Western nuclear industry moves ahead with K2R4
A new wake-up call for all anti-nuclear campaigners and activists. Following news proves that we still do not do enough to stop the nuclear maffia doing dirty business.
Brussels, 13 December 2000
Chornobyl closure: Commission approves Euratom Loan for the completion of two replacement nuclear units in the Ukraine On behalf of Euratom, the European Commission today approved a loan to the Ukrainian National Nuclear Power Company Energoatom for the equivalent of USD 585 million. This loan is to part finance a project for the completion, modernisation and commissioning of unit 2 at Khmelnitsky and unit 4 at Rivne nuclear power plants in Ukraine, the so-called K2R4 project. The proj ect features in the Memorandum of Understanding signed in 1995 between the G7 countries and the European Commission and Ukraine on the permanent closure of the Chornobyl nuclear power plant, now scheduled for 15 December. It will provide Ukraine with replacement power from two nuclear units of the VVER 1000 type upgraded to a safety level acceptable under Western-type licensing practices. The European Bank for Reconstruction and Development has recently approved a loan of USD 215 million for the same project.
In 1995, the G7 countries and the European Commission signed a Memorandum of Understanding with Ukraine to elaborate and implement a comprehensive program to support the Ukrainian decision to close the Chernobyl nuclear power plant by the year 2000. An important element of this program was the preparation of loan-financed projects like K2R4 that would help Ukraine to meet future national power requirements based upon least-cost planning principles. The Commission and the EBRD have been preparing the groundwork for their respective loans for several years. The approval of the Euratom loan a few days before the permanent closure of Chornobyl gives a clear sign of the Commission's commitment to nuclear safety as outlined in its communication on nuclear safety in the NIS and Central and Eastern Europe(1), as well as to the deepening of relations with Ukraine under the EU's common strategy.
The K2R4 project will finance the completion (80% constructed), modernisation and commissioning of two third-generation nuclear units; unit 2 at Khemelnitsky (K2) and unit 4 at Rivne (R4) nuclear power plants. The construction will be sequential, with main works at R4 starting only after the implementation of the measures at K2 has been satisfactorily concluded. This is the most rational approach from an engineering point of view and increases the chances of success for the project. There will be a positive impact on the modernisation of the power sector and a strengthening of the nuclear Regulatory Authority. It will also show the way, technically and financially, for the safety upgrade of other nuclear units in the country where a modernisation program like that of K2R4 could be implemented.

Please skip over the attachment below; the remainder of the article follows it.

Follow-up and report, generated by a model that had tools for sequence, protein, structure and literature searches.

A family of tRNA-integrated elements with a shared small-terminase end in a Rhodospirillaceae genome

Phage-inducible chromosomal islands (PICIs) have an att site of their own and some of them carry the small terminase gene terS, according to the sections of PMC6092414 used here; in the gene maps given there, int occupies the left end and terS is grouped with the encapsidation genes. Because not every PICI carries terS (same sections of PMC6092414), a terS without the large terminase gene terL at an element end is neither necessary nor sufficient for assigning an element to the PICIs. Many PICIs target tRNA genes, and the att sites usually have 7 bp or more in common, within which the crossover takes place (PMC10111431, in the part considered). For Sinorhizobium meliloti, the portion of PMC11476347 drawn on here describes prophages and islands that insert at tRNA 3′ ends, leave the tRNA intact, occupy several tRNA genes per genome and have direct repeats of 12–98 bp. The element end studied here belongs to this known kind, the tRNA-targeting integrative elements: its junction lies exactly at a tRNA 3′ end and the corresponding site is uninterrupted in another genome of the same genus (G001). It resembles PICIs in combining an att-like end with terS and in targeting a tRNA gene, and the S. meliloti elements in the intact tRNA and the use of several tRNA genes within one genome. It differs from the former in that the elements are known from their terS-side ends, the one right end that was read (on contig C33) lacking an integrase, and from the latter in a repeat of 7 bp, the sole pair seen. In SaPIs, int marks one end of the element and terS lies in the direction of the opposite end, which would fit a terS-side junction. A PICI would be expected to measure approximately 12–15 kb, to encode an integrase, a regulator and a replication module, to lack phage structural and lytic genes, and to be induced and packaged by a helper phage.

Various studies have been carried out, many of them financed through Tacis grants, and opinions and recommendations have been given by the Phare/Tacis group of Experts from the Member States, the EIB and the Economic and Financial Committee. This has led the Commission and the EBRD to conclude that the project meets safety, environmental, economic and financial criteria. Independent evaluations of the measures to be implemented confirmed that the planned upgrading would raise safety to levels acceptable under Western-type licensing practices. Further, an Environmental Impact Assessment has resulted in an Environmental Action Plan that is being included in the project.
The approved Euratom loan for a EUR equivalent of USD 585 million and the EBRD loan of USD 215 million will be complemented with loans from Export Credit Agencies, Russia and local contributions. The total financing cost of the project is estimated at USD 1.48 billion. The State of Ukraine will guarantee the Euratom loan.
Western companies are heavily involved in the Project. The General Contractor for the construction works is a Consortium led by Framatome and includes Siemens. The Project Management Team is supported by a Consortium of EDF, Tractebel and Fortum. Other European companies will be involved in supporting the regulator, the operator and the Monitoring Consultant acting on behalf of the Lenders.
Before the loans can be signed, certain issues have to be addressed, including the reinstatement of the Extended Fund Facility by the IMF and the reinforcement of the structure of the nuclear Regulatory Authority. Other conditions are to be fulfilled before both Euratom and EBRD loans can be disbursed. These relate to the project implementation structure, the operation of the power sector in Ukraine, the State guarantee, etc.
Euratom is empowered to make such a loan on the basis of a Council Decision of 1994, amending its Decision of 1977 that extended the scope of its lending to certain countries including Ukraine.
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